College tuition and the debt attached to it has been a hot topic among students, and more recently, among politicians. The prevailing idea among politicians and the general public was that increasing federal aid, including loans and grants, would eliminate the prices students would have to pay due to the increase in overall tuition, but studies show that federal loans and grants, which are designed to help students, may actually harm them. This is partially due to a mentality among politicians that if federal aid is given to students, then it will mutually benefit both students and colleges; but research shows that while it helps colleges, it serves as a detriment to students.
While inflation has been rising in the last 30 years, college tuition has far surpassed it. According to College Board, between the 1987/1988 and 2017/2018 school years, 4-year public institutions’ tuition rose 213% while 4-year private institutions’ rose 129%. Federal aid has also increased. College Board also found that between the 2006/2007 and 2016/2017 school years, federal grant aid rose by 102% while federal loans rose by 31% during the same period. Federal spending and college tuition have both risen, which brings up the question — is there a positive correlation between federal aid and college tuition?
When federal aid grows, it entices colleges to raise prices because they know that federal aid will cushion the blow for some students. Those who receive federal aid will not notice the growing tuition as much as those who receive little to no federal aid. Colleges continue to raise prices knowing that federal aid will continue to meet the growing demand. A study entitled “Does Federal Student Aid Raise Tuition?” from the National Bureau of Economic Research, done by Stephanie Riegg Cellini and Claudia Goldin, found that for-profit colleges that had access to federal aid were 75% more expensive than for-profit colleges that did not have access to federal aid. The study was conducted only on for-profit colleges, but with the available student loans, I believe that non-profit schools are also enticed to do the same. A different study entitled “Accounting for the Rise in College Tuition,” conducted by Grey Gordon and Aaron Hedlund, found that equilibrium tuition at colleges rose approximately 102% due to grants and loans alone between 1987 and 2010. They also include a clause within their findings, stating that without a proper way to measure how school competitiveness would affect the finding, the finding above is based on a non-competitive school. The authors suggest that school competitiveness would help stagnate rising costs associated with the increases in federal student aid. In addition to the increase in tuition, the study also found that default rates also went up (17%-32%).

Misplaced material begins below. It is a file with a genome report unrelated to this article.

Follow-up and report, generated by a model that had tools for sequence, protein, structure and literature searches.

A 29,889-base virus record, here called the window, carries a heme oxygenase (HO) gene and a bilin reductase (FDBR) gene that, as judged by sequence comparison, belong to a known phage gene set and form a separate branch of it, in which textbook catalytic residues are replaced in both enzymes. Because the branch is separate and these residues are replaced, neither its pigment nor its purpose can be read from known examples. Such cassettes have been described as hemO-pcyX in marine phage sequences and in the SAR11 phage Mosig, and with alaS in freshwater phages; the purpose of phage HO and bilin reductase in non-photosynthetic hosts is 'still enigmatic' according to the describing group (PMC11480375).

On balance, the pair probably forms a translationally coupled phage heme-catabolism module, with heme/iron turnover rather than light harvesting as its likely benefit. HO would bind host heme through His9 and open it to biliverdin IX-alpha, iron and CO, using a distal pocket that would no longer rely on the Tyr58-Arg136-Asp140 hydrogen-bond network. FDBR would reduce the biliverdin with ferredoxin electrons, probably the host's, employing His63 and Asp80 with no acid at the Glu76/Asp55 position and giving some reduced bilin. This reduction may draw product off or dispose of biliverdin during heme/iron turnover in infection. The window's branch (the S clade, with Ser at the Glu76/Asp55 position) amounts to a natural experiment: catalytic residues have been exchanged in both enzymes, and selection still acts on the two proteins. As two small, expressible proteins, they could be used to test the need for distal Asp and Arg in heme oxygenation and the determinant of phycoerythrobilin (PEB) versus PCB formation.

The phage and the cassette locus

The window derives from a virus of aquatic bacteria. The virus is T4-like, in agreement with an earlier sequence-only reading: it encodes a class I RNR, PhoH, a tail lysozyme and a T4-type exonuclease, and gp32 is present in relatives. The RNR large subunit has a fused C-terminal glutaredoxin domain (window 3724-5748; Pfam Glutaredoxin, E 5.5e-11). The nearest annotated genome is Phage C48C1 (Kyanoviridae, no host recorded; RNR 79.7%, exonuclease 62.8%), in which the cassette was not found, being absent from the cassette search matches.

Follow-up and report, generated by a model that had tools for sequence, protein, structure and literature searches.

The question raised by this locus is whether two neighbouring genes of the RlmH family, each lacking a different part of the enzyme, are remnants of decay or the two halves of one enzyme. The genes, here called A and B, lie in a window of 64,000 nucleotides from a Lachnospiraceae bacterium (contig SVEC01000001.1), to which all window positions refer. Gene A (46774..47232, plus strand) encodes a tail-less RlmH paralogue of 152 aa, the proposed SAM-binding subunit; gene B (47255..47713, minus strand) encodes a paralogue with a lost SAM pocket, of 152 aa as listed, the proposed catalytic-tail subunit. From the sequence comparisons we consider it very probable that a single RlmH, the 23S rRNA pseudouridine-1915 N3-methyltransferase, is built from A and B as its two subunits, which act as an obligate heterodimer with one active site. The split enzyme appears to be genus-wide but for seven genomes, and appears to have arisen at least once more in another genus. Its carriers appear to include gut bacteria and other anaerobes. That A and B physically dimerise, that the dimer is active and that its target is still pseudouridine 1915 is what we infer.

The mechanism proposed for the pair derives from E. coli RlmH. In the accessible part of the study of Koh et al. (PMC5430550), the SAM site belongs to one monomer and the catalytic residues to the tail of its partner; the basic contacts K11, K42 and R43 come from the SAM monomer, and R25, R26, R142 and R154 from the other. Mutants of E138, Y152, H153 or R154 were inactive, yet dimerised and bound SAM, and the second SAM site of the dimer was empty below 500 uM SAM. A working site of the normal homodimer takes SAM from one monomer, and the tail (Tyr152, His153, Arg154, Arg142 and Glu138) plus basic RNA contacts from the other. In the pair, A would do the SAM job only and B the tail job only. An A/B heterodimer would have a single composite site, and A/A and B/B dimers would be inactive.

This brings up the question: how does this affect UNC Charlotte? While UNC Charlotte has relatively lower tuition prices compared to some of its counterparts in the UNC system, to what extent is UNC Charlotte competitive? There are other universities located in and around Charlotte, but all are private. Considering that UNC Charlotte is the only public 4-year university in the Charlotte area, it attracts most students from the Charlotte area who wish to go to a local public university. Without any public university competition close to UNC Charlotte, and with the increasing and costly construction projects, UNC Charlotte and the state would see no problem with an increase in tuition rate, as needed. Another aspect of student loans, specifically the PLUS loan (which is an unlimited loan for parents of students), is that they would entice colleges to raise prices because they know that parents could fall back on PLUS loans, and the only requirement to obtain the loans is a credit based one that was implemented under the Obama administration.
The crisis of college tuition and student debt is not a problem with an easy solution and will require multiple steps and solutions to solve it, but we can start by decreasing federal aid and making it more competitive among students. With a decrease in aid, colleges will be forced either to regulate prices or lose students, the latter being something that colleges will strive to prevent, making the first option more viable.
The correlation between the cost of college and federal aid, both to students and colleges, implies that a curbing of federal aid to colleges would actually help the average student rather than hurt them. It could persuade parents and students not to take out loans that they may not be able to pay back in the case of PLUS loans. The relation between federal aid and college tuition is something that not only affects colleges but its students and potential students who view cost as an important factor when deciding to go to college. As college tuition continues to skyrocket, due in part to more federal aid as well as other factors, we as a society need to tackle the important issue. While decreasing federal aid will not solve the problem of student debt and rising costs entirely, it could be a good first step.